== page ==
Angiotensin II for the Treatment of Vasodilatory Shock
Khanna A, English SW, Wang XS, et al; ATHOS-3 Investigators
N Engl J Med. 2017; 377:419-430
Septic shock occurs in the United States in approximately 200,000 people each year and leads to approximately 50,000 deaths, and sepsis overall leads to approximately 1 in every 2-3 hospital deaths. For patients with shock, fluid therapy is partially effective, but the cornerstone of pharmacologic therapy is use of vasopressors to mitigate the vasodilatory state.
The most common vasopressors are catecholaminergic drugs, such as norepinephrine, epinephrine, phenylephrine, and dopamine. More recently, vasopressin has become available for patients with septic shock and recommended as a second-line agent for shock refractory to norepinephrine.[3,4]
The authors of this study sought to determine the effectiveness of angiotensin II for blood pressure support in septic shock. They conducted a prospective, randomized clinical trial of 321 patients, comparing angiotensin II with placebo for the primary end point of a rise in mean arterial pressure of at least 10 mm Hg or to at least 75 mm Hg within 3 hours.
More patients in the angiotensin II group than the placebo group reached the primary endpoint (114 of 163 patients [69.9%] vs 37 of 158 patients [23.4 %], respectively; P < .001). The cardiovascular Sequential Organ Failure Assessment score decreased more in the angiotensin II group at 48 hours than in the placebo group (−1.75 vs −1.28 ; P = .01). Serious adverse events and adverse events leading to drug discontinuation were modestly fewer (but not statistically significantly less) in the patients in the angiotensin II group. Death by day 28 was similar between groups (46% vs 54 %; P = .12).
The authors concluded that angiotensin II effectively increases blood pressure in patients with septic shock who did not respond to high doses of conventional vasopressors.
This is an exciting and straightforward clinical trial of a new pharmacologic agent to increase blood pressure in vasodilatory shock. The study has limitations, however.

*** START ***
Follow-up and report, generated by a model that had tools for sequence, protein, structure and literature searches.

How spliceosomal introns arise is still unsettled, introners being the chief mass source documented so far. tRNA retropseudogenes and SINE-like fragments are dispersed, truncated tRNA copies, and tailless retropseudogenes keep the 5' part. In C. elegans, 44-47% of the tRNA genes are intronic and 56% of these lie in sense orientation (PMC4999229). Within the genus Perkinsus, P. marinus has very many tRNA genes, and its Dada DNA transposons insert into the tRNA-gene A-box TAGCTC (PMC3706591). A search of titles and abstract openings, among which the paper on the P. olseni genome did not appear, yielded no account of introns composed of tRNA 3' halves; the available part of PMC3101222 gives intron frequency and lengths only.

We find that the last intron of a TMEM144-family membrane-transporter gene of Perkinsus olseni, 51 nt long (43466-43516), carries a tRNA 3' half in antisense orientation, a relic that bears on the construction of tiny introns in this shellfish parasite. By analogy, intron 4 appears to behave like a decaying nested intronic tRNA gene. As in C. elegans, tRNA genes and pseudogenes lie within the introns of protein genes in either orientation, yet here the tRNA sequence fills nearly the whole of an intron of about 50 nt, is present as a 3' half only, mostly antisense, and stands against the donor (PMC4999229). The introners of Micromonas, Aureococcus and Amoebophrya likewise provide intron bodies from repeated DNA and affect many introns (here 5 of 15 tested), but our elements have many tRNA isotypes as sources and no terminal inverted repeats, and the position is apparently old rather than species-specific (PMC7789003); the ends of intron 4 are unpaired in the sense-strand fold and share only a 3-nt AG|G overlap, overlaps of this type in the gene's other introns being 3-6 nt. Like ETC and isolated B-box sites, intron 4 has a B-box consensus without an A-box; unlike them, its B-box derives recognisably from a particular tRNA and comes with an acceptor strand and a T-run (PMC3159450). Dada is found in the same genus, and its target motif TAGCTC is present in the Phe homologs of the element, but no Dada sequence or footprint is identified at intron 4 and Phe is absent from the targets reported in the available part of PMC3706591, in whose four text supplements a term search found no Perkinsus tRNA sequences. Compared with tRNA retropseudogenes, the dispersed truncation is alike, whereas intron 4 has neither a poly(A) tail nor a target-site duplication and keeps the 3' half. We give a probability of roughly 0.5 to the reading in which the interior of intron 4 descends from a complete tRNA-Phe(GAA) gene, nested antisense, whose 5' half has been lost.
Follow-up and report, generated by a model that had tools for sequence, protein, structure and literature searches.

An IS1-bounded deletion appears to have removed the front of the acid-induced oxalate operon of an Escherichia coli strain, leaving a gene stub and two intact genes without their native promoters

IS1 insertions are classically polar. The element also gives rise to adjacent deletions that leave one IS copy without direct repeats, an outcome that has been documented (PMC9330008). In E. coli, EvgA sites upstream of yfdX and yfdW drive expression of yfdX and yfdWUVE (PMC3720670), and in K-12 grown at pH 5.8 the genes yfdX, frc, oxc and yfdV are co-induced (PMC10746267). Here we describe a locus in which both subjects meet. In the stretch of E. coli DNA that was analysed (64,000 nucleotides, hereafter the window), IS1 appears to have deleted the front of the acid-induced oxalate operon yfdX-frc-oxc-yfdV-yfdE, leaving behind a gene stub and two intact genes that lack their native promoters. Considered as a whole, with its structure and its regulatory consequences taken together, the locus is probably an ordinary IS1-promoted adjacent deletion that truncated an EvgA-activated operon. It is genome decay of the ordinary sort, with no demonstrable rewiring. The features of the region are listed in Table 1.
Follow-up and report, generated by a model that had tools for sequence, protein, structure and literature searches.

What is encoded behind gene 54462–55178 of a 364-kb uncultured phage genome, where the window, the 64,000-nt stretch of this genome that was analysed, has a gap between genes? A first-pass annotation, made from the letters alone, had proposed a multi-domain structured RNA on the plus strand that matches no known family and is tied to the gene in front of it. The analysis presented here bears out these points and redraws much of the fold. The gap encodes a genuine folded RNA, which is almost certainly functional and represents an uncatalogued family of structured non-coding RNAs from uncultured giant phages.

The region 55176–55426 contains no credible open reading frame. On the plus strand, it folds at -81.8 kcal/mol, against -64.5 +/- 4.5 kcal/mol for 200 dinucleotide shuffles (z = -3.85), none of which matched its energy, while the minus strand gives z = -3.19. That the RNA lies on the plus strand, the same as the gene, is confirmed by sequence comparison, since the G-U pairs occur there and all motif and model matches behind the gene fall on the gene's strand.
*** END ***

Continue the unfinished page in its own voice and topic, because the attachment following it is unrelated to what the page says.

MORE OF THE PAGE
First, it was not sufficiently large to characterize all of the potential adverse effects or demonstrate an effect on mortality. However, the adverse event rates and mortality rates favored angiotensin II over placebo, suggesting a favorable risk/benefit assessment. Similarly, the study did not follow patients long-term to determine whether the drug may have adverse (or beneficial) effects on chronic organ dysfunction, recovery from critical illness, or long-term survival. And finally, as the authors pointed out, the active drug was more likely than placebo to result in a dose reduction in the conventional vasopressors being used for the patient, which would effectively unmask the providers as to whether the patient was receiving angiotensin II.
With these caveats, the results are awaiting US Food and Drug Administration consideration for approval of the drug for routine clinical use in the United States. This would add to the armamentarium for patients with shock, which includes conventional catecholamine-based vasopressors and inotropes, and vasopressin.
How these will fit into practice guidelines and be coordinated in clinical practice remains to be seen. In addition, more studies with angiotensin II may be useful to understand its effect on lung edema, for example, given the known role of angiotensin in salt and water homeostasis.
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Cite this: Angiotensin II: New Hope for Treating Septic Shock? - Medscape - Oct 27, 2017.